QAD vs. SAP – Differences Between Approvals

QAD vs. SAP: Differences Between Approvals

Choosing an ERP vendor can be a risky decision since ERP technology is notoriously rigid, complex and costly to deploy. It is also growing more complicated because many of the major vendors are in the midst of a shift from on-premise to cloud-based operations. The shift, while being a good thing in the long run, will take years to complete — and, unfortunately, clients who are currently using an ERP run the risk of being alienated and confused during the process. This is the reality of the industry, and anyone who has successfully acquired clients over the past two decades faces a big challenge as they start moving clients over to the cloud. The bottom line is that all vendors eventually want to get to the cloud as their final destination.


Many ERPs are going to end up charging millions of dollars per client to help them migrate over to the cloud and rework custom on-premise implementations so that they can fit into common cloud architectures. During this process, many customers will be deciding between SAP and QAD. These are two of the biggest players in ERP for manufacturing companies. For both SAP and QAD, many customers look for BPM systems to deal with ERP-related workflows. This is because customers are extremely dissatisfied with the workflow functionality in these and other ERP suites.

Range of Use

When searching for an ERP solution, it is important that the software you choose understands your industry. Otherwise, you risk going back and forth with your provider as you try to find ways to tailor the software to your specific needs. However, QAD and SAP have significant differences when it comes to their range of use.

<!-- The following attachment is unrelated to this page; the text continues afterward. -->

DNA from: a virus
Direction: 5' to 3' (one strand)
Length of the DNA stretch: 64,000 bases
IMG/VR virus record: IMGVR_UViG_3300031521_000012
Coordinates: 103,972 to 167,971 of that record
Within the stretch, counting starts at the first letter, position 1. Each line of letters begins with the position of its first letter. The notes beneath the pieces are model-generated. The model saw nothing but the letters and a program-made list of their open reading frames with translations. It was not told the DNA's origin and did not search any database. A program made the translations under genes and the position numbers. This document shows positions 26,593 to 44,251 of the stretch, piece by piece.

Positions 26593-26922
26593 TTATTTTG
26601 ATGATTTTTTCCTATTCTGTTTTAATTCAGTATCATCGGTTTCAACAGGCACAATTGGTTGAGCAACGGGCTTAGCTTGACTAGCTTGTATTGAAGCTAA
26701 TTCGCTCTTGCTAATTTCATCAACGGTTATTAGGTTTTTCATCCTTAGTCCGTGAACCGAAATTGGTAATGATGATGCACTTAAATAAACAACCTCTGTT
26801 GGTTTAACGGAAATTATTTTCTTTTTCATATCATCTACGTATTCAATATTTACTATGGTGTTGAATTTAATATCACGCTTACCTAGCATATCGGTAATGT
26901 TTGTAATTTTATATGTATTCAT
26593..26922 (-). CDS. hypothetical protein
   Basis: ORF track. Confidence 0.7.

QAD is an extremely specialized ERP suite that is mainly designed for manufacturers. It focuses mainly on six industries:

  • Automotive
  • Consumer products
  • Food and beverage
  • High tech
  • Industrial
  • Life sciences

That means that QAD might be a great option if your company fits into one of these industries. If not, it’s probably better to look at other options.


SAP is a highly adaptive type of software that can be applied to almost any type of industry, including manufacturing. Today more than 183,000 customers (including customers from the acquisition of Sybase) in 130 plus countries use SAP software applications. Contrary to the common knowledge that SAP is for big businesses, today over 80% of its customers are small and medium enterprises. Nonetheless, 80% of Fortune 500 companies use one or the other SAP applications. SAP is the ERP market leader. Combined with SAP’s ability to integrate with external applications, this ERP is certainly the most popular.  However, the high costs associated with SAP tend to be the big sore point for many customers.   

Cloud Computing

At this point, if companies aren’t putting together a strategy to move to the cloud, they are facing certain death. QAD and SAP vendors are migrating customers to the cloud as quickly as they can but they are coming up against a lot of challenges.